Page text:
LA PAZ – The bodies of four police officers tortured and killed by Indians in the western province of Potosi have been buried, Bolivia’s national ombudsman said Tuesday.
Rolando Villena, who in recent days went to the scene of the crime, told the media that the Indians, according to their beliefs, buried the bodies face down “so that the souls of those who had been killed would not persecute those who had killed them.”
Residents of the town of Uncia, in northern Potosi, killed the policemen nine days ago after accusing them of committing murders, robberies and extortion.
Authorities have been unable to reach Uncia, as an assembly of the region’s Ayllus Guerreros, or Warrior Clans, declared the area to be a “red zone.”
“The communities admitted that they carried out justice with their own hands. After having tortured them in a most cruel way, they killed them, but they were not burned,” Villena said Tuesday.
Bolivian President Evo Morales sent two Cabinet ministers to the area on Monday to persuade the Uncia residents to turn over the police officers’ bodies.
But the indigenous leaders’ talks with presidential chief of staff Oscar Coca and Interior Minister Sacha Llorenti ended without any agreement.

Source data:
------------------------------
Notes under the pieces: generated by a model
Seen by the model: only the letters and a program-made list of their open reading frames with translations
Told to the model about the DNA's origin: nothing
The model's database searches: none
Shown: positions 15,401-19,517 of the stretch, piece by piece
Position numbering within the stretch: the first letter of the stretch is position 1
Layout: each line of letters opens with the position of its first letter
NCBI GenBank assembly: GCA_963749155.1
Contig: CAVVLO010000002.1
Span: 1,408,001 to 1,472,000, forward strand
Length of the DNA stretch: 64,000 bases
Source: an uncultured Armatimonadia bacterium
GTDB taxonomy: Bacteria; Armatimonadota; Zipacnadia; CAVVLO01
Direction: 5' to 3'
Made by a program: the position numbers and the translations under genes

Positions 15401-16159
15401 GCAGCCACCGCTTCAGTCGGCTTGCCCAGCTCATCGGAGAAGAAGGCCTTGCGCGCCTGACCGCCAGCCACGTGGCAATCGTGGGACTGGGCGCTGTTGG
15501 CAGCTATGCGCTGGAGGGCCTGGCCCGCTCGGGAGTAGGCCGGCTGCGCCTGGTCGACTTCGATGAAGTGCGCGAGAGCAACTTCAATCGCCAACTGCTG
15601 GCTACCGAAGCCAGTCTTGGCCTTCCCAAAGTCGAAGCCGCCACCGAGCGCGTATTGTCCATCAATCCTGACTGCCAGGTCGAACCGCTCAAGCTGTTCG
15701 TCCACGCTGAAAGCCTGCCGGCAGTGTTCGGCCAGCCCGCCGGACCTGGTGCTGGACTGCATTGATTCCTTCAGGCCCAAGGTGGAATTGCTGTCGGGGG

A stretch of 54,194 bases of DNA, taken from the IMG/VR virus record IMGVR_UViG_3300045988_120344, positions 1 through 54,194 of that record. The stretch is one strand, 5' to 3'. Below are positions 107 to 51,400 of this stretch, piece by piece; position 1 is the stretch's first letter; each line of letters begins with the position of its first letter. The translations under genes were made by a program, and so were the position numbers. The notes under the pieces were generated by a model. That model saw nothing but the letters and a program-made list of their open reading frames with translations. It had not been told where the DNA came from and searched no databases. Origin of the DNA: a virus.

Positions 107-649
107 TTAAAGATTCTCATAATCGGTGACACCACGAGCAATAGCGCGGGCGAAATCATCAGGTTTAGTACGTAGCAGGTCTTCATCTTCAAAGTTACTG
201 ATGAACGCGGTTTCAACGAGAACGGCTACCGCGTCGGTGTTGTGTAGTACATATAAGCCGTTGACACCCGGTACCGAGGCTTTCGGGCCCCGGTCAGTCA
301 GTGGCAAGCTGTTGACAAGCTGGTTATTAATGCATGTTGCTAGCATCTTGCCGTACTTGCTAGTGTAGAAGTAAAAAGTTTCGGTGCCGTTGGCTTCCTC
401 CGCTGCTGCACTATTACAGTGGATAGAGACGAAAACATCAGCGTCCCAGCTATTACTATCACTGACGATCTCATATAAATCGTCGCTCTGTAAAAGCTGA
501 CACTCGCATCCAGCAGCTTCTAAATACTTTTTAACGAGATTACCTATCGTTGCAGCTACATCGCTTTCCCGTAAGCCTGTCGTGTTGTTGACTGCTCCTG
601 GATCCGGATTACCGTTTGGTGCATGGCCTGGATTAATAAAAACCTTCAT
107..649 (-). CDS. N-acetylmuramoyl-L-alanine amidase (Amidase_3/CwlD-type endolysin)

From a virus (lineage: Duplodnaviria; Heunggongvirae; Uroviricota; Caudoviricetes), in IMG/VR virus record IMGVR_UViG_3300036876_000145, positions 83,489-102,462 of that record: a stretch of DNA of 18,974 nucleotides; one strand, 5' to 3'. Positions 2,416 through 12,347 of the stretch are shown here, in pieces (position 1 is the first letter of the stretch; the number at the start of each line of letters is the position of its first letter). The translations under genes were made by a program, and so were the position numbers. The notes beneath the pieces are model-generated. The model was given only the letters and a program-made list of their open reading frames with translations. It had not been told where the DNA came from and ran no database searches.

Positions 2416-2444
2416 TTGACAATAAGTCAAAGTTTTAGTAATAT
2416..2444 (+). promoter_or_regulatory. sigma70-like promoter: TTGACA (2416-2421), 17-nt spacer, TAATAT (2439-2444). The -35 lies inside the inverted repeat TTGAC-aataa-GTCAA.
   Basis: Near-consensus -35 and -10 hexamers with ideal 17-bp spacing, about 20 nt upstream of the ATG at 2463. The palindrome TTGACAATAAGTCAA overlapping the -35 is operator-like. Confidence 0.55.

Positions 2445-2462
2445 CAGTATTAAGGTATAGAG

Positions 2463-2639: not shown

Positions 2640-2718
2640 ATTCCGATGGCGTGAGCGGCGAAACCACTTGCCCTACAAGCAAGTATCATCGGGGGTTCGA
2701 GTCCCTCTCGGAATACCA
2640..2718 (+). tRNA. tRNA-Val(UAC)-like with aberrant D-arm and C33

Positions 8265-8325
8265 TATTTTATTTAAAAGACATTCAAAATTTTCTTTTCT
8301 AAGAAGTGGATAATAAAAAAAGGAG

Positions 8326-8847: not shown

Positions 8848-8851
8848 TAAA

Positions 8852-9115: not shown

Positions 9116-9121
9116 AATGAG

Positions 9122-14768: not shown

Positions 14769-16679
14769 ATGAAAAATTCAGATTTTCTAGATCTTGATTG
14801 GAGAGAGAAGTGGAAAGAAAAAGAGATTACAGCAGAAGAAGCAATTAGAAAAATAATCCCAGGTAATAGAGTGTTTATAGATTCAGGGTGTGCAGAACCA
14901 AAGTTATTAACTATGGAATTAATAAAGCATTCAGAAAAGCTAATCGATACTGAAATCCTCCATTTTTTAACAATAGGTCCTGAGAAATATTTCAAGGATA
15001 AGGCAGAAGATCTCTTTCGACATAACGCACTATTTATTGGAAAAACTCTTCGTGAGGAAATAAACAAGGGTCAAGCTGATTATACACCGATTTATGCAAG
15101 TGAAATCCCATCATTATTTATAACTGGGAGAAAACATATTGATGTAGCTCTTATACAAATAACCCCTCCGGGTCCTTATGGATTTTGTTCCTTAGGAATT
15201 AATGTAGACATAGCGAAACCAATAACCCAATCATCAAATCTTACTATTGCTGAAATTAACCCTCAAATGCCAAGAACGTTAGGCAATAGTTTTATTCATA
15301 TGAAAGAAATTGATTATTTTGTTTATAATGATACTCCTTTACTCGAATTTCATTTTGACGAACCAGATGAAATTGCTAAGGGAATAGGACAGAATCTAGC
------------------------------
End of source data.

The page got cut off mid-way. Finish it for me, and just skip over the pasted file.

Villena said the clans are refusing to have anything to do with the investigation into the deaths of the officers and, on the contrary, have demanded that the murders of seven area residents over the last six years – killings the Indians blame on police – be investigated.
Morales on Tuesday ruled out any military or police intervention in Uncia.
“We’re not going to seek any military or police intervention. We have confidence in some of the indigenous leaders and residents who are ready to return the bodies as a humanitarian question,” Bolivia’s first indigenous president told a press conference in La Paz.
He said the resistance to allowing authorities into the town was coming from “some people used by the smugglers.”
The president urged the Attorney General’s Office to investigate both the lynchings and the Uncia residents’ complaints about extortion and other abuses by police.
Some Aymara and Quechua Indian communities of the Andean highlands say lynchings are part of the indigenous justice system that was recognized in the constitution enacted last year at the urging of Morales, but the government rejects that argument.
Officials say the recognition of traditional justice is not a license for vigilantism. The government also points to the constitutional ban on capital punishment.
The Warrior Clans are so called because of their nearly 200-year-long history of involvement in sometimes bloody conflicts over land, clashes blamed for roughly 10,000 deaths since 1830, though the most recent round of fighting was nine years ago, when 57 people died. EFE